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21 Comments

cityscape

TTC Introduces Blue Priority Seating

Eye-catching seats are part of a two-year project that aims to improve transit accessibility.

Photo courtesy of the TTC.

It’s more than a new look—bright blue velvet is the brand new symbol for priority seating on TTC vehicles. Installing new, loudly coloured chairs is part of an effort by the TTC to improve accessibility by strengthening and raising awareness of its priority seating policy.

Previously, a distinction was made between “courtesy seating,” intended for pregnant women and the elderly, and “priority seating,” set aside for those considered legally disabled. Those groups will now all be considered part of the “priority” category.

The blue seats are slated to pop up on TTC vehicles over the next two years, and with them will come stricter regulations. If a bus or streetcar isn’t full, customers who don’t qualify for priority seating are free to occupy the blue chairs, but they are now required to give up their spots if seats are needed for pregnant, elderly, or disabled patrons. While transit operators won’t actively enforce the new rule, they may ask customers to move—and riders who fail to comply with such a request could be looking at a fine of $235. TTC spokesperson Brad Ross says, “Now the difference is, it’s not just a nice thing to do—it’s a requirement.”

The TTC will be installing a series of informational advertisements to explain how the new system works.

“It’s as much about doing the right thing as anything else,” says Ross.

Comments

  • OgtheDim

    So, if I’m on a bus and the young things don’t move when the old lady comes on the front, we all go looking for a transit cop?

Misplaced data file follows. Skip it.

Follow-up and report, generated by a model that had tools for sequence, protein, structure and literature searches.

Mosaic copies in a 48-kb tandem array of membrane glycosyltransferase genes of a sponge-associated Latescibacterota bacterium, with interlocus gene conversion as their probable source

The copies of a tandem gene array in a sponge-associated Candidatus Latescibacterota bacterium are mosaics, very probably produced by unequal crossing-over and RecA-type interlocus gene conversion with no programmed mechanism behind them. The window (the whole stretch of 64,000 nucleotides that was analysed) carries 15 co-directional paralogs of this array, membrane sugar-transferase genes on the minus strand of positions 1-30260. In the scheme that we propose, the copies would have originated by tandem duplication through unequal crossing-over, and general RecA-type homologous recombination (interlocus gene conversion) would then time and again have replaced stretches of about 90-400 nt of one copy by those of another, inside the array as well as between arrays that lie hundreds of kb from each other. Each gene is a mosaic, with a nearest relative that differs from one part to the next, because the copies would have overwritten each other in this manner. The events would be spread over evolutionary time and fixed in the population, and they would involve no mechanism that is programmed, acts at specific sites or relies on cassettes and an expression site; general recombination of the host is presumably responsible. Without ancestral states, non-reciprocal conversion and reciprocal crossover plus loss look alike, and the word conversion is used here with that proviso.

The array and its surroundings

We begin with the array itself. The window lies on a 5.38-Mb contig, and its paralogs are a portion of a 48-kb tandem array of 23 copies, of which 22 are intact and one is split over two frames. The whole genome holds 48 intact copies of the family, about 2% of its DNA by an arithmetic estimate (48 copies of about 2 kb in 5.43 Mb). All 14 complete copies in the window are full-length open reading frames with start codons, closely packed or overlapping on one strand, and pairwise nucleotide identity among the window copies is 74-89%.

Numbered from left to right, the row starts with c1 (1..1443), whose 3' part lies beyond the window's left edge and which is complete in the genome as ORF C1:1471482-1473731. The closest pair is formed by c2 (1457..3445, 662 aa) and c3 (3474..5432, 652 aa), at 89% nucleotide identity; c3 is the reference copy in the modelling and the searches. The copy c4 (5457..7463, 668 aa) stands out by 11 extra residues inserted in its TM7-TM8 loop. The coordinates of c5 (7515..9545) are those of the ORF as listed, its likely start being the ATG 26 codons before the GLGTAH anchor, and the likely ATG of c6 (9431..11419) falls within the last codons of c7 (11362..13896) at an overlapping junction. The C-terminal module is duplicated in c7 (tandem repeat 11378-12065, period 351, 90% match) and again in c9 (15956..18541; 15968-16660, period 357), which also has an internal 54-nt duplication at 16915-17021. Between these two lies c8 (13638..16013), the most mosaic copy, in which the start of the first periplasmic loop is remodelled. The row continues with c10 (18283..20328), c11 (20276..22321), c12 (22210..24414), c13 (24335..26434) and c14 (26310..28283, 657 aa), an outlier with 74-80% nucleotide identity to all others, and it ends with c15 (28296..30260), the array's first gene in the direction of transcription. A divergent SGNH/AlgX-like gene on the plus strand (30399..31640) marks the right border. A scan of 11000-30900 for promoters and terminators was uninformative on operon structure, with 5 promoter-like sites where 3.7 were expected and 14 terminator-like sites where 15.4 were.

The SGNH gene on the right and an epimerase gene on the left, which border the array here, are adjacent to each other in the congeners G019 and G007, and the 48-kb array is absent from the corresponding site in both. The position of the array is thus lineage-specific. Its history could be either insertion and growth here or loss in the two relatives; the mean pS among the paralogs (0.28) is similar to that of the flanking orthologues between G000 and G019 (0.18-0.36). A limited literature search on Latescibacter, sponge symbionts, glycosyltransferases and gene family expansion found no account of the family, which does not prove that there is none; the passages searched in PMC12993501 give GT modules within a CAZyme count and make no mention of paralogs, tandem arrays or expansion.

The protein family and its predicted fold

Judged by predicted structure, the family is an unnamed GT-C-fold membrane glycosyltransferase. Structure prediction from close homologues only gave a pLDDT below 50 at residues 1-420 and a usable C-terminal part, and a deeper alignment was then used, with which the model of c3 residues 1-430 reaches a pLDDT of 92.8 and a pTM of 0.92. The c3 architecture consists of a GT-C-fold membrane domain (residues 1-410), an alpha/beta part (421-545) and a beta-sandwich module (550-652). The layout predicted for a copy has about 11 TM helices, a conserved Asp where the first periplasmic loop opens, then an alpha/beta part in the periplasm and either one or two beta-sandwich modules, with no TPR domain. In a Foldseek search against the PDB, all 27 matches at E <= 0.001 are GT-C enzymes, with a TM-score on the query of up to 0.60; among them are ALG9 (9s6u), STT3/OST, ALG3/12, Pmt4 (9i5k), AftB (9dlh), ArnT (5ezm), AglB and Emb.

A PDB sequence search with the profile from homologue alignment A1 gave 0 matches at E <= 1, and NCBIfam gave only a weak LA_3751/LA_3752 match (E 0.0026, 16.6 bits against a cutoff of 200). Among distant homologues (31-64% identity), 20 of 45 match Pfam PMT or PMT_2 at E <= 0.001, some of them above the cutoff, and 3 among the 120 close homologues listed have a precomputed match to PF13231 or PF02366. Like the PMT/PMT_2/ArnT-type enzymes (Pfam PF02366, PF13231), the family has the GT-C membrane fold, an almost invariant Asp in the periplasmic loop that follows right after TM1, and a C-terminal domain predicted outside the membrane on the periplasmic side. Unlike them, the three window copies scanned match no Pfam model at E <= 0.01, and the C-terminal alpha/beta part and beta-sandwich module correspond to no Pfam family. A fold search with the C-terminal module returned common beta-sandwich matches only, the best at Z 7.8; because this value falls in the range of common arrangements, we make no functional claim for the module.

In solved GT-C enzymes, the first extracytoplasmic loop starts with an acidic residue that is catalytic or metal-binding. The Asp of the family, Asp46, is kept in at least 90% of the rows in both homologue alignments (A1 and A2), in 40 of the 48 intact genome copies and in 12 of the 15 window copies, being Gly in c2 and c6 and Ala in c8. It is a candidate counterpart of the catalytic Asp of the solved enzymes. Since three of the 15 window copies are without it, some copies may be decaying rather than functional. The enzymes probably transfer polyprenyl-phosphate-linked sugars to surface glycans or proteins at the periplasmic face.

• iamrobfordsaneurysm

      I’d be happier if they’d enforce a bundle buggy/stroller/suitcase-free zone at the front of the bus, so the elderly, disabled and pregnant can get on in the first place.

      • UnknownTransit

        Yes, we all agree but it’s hard to actually get a stroller out the rear doors on busy buses. The new articulate buses are nicer. They have wider rear doors and aisle but the older buses are kinda cramped. For people’s sake of conveniences, they won’t move those strollers back cause they will have to fight their way to the front to get off.
        I personally think they should ban strollers during peak hours on busy routes. They should also consider flip chairs like the new subway and streetcars.

    • Sarah

      No, you can remind her of the rules. Regulations work because it makes bad behaviour socially unacceptable.

  • Notcleverguy

    It’s a good idea, and is indeed the right thing to do, unfortunately those who are rude now, will continue to be rude.

    • andrewtraviss

      If they want to pay $235 for the privilege of being rude…more power to them, I guess?

      • Notcleverguy

        In 44 years of riding the TTC, I have seen a TTC special constable twice.The rule is great in spirit, but they have far from the manpower to enforce it. If they did, the five guys who openly smoke on my in-station bus platform everyday would have been busted by now, but it’s been 10 years and nothing.

        • andrewtraviss